Paleosecuridaca curtisii Pigg, DeVore, and Wojciechowski gen. et sp. nov. (Polygalaceae) is described for anatomically preserved, nonschizocarpic, asymmetric samaras from the Late Paleocene (Tiffanian 3) Almont and Beicegel Creek floras of North Dakota. Paleosecuridaca is quite similar to the extant genus Securidaca L. (Polygalaceae) but has several distinctive features that warrant the establishment of a new genus. Fruits are 2.5-3.6 cm long (x = 3:0 cm, n = 16) with a central ovoid nut 0.6-1.25 cm long (x = 0:9 cm, n = 26), 0.35-0.8 cm wide (x = 0:6 cm, n = 26), and 0.25-0.3 cm thick attached to a broad wing with a small secondary wing on its upper surface. The wing is vascularized by several veins running parallel to its long axis at the top and others in the main body of the wing arching downward and outward, with a few interreticulations occurring between the major veins. The nut contains a single, large locule with two well-developed seeds, each with a seed coat that has a prominent palisade layer like that of many extant genera of Polygalaceae. Specimens lack the broad attachment surface characteristic of Acer and instead have a short peduncle. Paleosecuridaca resembles the compressed fruit Deviacer Manchester from the Paleogene of western North America, Europe, and Asia and may be its anatomically preserved equivalent. The Late Paleocene Paleosecuridaca is the oldest-known megafossil representative of the Polygalaceae, a family now nested within the Fabales (sensu APG II) along with Leguminosae, Surianaceae, and Quillaja Molina on the basis of new molecular data. Together with the earliest record of Leguminosae from the Late Paleocene of Wyoming, these samaras provide independent evidence for an earlier divergence of these two families.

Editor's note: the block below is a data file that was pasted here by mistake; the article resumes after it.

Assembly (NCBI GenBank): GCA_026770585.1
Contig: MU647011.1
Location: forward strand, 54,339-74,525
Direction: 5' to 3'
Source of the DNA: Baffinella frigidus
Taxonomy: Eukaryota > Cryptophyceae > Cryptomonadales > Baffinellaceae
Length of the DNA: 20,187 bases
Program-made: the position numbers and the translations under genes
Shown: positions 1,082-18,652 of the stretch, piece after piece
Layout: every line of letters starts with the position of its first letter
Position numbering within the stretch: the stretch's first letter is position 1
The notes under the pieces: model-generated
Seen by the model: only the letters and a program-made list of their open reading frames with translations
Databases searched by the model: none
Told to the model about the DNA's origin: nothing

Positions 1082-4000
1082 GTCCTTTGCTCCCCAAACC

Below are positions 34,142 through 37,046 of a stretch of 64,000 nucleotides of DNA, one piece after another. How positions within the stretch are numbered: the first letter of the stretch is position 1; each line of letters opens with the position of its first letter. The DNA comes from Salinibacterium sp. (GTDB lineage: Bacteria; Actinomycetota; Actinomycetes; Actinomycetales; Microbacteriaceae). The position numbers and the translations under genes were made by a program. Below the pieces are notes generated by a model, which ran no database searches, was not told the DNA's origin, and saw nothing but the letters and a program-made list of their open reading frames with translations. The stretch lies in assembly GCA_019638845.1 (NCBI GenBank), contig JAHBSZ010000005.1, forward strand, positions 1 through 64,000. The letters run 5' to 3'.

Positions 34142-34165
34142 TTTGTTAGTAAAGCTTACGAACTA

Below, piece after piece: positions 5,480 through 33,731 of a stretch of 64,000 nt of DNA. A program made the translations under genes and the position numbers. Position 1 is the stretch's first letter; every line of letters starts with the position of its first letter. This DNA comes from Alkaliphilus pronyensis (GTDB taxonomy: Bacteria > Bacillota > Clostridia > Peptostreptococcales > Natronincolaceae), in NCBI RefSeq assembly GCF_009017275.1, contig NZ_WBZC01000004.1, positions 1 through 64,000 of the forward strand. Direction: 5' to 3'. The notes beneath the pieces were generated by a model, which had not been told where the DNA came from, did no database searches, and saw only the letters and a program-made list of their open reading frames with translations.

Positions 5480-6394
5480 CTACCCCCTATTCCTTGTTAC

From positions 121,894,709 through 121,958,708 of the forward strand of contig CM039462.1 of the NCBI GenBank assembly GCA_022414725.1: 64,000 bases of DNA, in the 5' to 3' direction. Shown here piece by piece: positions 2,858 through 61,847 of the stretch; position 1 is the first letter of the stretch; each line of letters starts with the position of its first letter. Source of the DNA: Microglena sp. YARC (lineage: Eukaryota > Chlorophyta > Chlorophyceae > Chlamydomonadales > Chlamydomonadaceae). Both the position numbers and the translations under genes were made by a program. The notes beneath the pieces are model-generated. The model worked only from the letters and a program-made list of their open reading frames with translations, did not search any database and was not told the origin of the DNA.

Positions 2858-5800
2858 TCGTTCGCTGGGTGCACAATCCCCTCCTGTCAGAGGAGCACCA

- Fossil fruit
ASJC Scopus subject areas
- Ecology, Evolution, Behavior and Systematics
- Plant Science